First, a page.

Keeping traditional Micronesian canoe carving alive
By Joyce McClure
The outrigger canoes of the western Pacific islands of Yap are famous for their speed, performance and seaworthiness. The combination of hull shape, symmetry, and outrigger allow the craft to be quickly reversed when winds change, without the need to turn the hull around.
The islanders, renowned all over the world as master mariners, still rely on these traditional hand-carved wooden canoes for fishing and sailing from island to island in the vast expanse of the Pacific Ocean just as their ancestors did a thousand years ago because gasoline and parts are expensive and often not available for outboard motors in the remote, far-flung islands.
Boys learn from a young age how to carve wood beginning with simple carvings of fish, shells and other nature-themed items, moving up to more intricate work as they gain experience.
Watching their fathers, brothers and uncles as they carve and construct the traditional canoes, or proas, in the open-air, thatched-roof canoe house while listening to the ancient oral stories of their ancestors, the boys slowly learn the steps required to make an ocean-going vessel and how to use the sun, stars, wind, fish, birds and ocean currents to navigate, rather than western instruments.
In 2017, a canoe summit and festival was held on Yap’s main island, one of four island states in the Federated States of Micronesia scattered across one million square miles of open ocean in the western Caroline Islands. Individuals and groups from throughout the world presented their work that is helping to keep the art of traditional canoe building alive.
But Habele, a U.S. nonprofit established by former Peace Corps volunteers who served in these islands to support schools and students in Micronesia, has taken a different tack. They are working to provide adzes to the canoe artisans of Yap.
The organization’s interest in traditional canoes grew out of a project to provide mentorships and role models for at-risk students after school hours. Becoming involved in the art of canoe building was a natural fit for the communities they serve.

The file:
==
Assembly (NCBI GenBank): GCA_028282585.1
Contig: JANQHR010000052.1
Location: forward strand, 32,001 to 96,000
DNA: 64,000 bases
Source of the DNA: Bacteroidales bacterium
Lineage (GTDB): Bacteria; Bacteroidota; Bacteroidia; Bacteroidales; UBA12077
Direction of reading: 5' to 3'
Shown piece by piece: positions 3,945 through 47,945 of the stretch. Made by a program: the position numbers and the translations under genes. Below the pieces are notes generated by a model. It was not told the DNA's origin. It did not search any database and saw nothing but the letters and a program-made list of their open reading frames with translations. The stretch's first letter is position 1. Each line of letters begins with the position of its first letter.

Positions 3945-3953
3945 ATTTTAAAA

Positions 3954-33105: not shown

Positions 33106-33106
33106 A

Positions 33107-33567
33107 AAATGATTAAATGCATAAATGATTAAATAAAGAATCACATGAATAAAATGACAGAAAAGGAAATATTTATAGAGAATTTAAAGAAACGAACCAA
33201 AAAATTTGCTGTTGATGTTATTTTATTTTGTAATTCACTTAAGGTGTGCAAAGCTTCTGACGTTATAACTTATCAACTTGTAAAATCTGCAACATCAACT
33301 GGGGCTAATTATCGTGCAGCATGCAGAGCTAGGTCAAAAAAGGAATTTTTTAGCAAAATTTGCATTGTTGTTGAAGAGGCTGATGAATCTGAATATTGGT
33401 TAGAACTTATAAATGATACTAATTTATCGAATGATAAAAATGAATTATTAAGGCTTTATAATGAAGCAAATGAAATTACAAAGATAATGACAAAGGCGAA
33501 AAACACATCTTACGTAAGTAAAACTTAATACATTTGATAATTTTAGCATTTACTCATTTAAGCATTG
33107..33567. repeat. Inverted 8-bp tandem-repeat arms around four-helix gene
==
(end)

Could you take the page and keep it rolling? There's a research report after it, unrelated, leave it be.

The specific problem identified by island carvers was the need for a hafted adze blade that is attached to a crooked, hand-carved wooden handle, allowing the user to swing it downward with accuracy. Used for shaping, squaring and hollowing the hull, carvers in the past mounted shell, coral or stone blades on the handle.
After many discussions with the islands’ canoe artisans, Habele set its focus on the Carolinian adze, the distinctive tool required to form and shape the Wa, or single-outrunner canoe. More precisely, the blades that give these adzes their characteristic bite when swung in the hands of a well-trained craftsman.
The Wa is one of the most striking examples of outrigger canoes in the Pacific islands. In the 16th century, startled Spanish explorers termed the Carolinian Wa "flying proas" for their tremendous speed, and were impressed by the sophisticated construction of hulls assembled without any metal fasteners.
When first introduced by the Spanish explorers to sharper, longer lasting metal blades made by metalsmiths, the islanders saw that their blades could be exchanged for metal ones, but they still required modifications to attain the right configuration.